نتیجه گیری انگلیسی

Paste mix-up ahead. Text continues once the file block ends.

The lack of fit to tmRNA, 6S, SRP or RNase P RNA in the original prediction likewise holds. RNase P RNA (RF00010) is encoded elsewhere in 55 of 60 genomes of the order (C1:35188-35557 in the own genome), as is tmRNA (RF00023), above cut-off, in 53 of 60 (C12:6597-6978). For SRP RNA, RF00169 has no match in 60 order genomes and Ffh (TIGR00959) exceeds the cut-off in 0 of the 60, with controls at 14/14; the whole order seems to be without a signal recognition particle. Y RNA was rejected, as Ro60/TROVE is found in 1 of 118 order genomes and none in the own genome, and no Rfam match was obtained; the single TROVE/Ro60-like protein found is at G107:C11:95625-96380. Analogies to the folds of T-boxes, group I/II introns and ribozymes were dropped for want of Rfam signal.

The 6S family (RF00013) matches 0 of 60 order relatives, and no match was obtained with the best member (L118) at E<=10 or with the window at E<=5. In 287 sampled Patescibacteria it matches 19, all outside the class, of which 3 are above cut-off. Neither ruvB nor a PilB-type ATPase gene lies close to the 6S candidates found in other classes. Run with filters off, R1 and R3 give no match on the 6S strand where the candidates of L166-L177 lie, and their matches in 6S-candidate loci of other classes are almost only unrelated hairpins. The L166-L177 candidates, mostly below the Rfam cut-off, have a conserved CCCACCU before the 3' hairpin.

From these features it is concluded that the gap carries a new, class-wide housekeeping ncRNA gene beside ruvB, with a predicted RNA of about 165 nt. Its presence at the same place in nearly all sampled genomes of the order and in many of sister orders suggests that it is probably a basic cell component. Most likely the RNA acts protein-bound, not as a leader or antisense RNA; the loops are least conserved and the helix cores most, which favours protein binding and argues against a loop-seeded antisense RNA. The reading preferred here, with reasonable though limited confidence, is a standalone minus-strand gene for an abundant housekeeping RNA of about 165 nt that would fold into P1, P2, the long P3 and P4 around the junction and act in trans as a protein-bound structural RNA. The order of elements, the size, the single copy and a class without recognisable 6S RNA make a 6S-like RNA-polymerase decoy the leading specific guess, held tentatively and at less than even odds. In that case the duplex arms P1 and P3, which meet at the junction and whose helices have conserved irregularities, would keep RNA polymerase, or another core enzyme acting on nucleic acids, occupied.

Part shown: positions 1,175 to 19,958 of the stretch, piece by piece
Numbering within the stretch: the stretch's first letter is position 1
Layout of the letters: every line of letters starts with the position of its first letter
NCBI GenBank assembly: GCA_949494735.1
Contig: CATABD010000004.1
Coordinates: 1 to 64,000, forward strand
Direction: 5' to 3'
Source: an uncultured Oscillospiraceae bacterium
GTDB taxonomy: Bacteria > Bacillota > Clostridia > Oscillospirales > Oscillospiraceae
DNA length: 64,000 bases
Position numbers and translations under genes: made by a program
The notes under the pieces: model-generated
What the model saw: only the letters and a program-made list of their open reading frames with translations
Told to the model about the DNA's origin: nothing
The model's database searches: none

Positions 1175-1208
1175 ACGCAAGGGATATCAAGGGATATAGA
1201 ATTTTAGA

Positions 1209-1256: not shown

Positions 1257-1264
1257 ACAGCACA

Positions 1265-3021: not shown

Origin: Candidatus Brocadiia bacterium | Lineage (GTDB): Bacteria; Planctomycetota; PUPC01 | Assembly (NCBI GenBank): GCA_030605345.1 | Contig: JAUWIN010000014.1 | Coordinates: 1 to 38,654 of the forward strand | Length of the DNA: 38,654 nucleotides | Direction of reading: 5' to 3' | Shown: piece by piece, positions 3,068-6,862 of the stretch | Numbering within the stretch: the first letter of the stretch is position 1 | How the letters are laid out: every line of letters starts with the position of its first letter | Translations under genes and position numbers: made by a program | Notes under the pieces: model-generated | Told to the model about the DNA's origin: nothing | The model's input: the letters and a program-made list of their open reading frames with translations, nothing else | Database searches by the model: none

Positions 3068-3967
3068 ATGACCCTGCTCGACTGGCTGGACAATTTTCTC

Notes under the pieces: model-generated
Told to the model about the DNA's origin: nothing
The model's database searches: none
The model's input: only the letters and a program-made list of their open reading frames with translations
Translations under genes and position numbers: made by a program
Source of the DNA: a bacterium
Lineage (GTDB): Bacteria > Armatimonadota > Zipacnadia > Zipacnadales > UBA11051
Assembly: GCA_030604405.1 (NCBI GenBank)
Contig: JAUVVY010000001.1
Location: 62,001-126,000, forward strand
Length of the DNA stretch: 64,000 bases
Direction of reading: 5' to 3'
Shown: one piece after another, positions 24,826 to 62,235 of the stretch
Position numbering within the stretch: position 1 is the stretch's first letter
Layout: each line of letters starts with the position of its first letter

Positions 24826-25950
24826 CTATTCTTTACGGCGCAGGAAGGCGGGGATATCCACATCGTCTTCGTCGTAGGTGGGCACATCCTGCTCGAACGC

Since the mid-1980s, there has been a rise in the frequency with which inhalational routes such as smoking and sniffing are used for illicit drug use in the US Des Jarlais et al., 1992, NIDA, 1995 and Neaigus et al., 1996. The inhalational route appears to be chosen by some drug users as an alternate to injection as a means of reducing their risk of exposure to HIV Hartgers et al., 1991, Des Jarlais et al., 1994a and Paone et al., 1996. However, many inhalation drug users are new illicit drug users Des Jarlais et al., 1992 and van Ameijden et al., 1994 and this augments the pool of individuals at risk for transition to injection drug use Des Jarlais et al., 1992, van Ameijden et al., 1994 and Irwin et al., 1996. Further, crack smoking has been associated with an increased risk of HIV infection, particularly through the exchange of high-risk sex for drugs Chaisson et al., 1991 and Edlin et al., 1994 as has nitrite inhalant use Seage et al., 1992 and Chesney et al., 1998. Thus the increased population of inhalational drug users poses a challenge to HIV prevention efforts Des Jarlais et al., 1992 and van Ameijden et al., 1994. Illicit drug smoking has also been implicated in the transmission of a variety of pathogens by the respiratory route including Aspergillus, Salmonella and Mycobacterium tuberculosis Ungerleider et al., 1982, Taylor et al., 1982, Livengood et al., 1985, Hamadeh et al., 1988, Centers for Disease Control, 1991, Leonhardt et al., 1994 and Perlman et al., 1995 and with respiratory tract colonization with the pathogens, Streptococcus pneumoniae and Staphylococcus aureus Orr et al., 1996 and Holbart et al., 1997. HIV-infected persons also have an increased risk of bacterial pneumonia which is further augmented among those who smoke illicit drugs (Caiaffa et al., 1994). Therefore, there is a need for a fuller understanding of inhalational drug use practices, their correlates and consequences. Ethnographic observations have been valuable in characterizing the range of drug injection practices and in delineating the practices which are associated with infectious complications and the transmission of HIV Grund, 1993, Jose et al., 1993, Koester, 1994, Trotter, 1995 and Grund et al., 1996. Less attention has been devoted to characterizing the practices of inhalation drug use which might confer the risk of infection. Ethnographic and qualitative research has also contributed to the understanding of risk as a socially situated construct and to how specific social relationships influence risk behaviors Sibthorpe, 1992, Neaigus et al., 1994, Rhodes et al., 1996, Grund et al., 1996 and Rhodes and Quirk, 1998. `Shotguns' are an inhalational drug use practice in which smoked drugs are exhaled or blown by one user into the mouth of another user. As part of a study of tuberculosis, which is transmitted by the respiratory route, we observed that 17% of 354 active illicit drug users interviewed engaged in this practice (Perlman et al., 1997a). We now report on a series of ethnographic observations conducted to characterize more fully the practice of shotgunning, the range of associated behaviors and the settings and social contexts in which this practice occurs.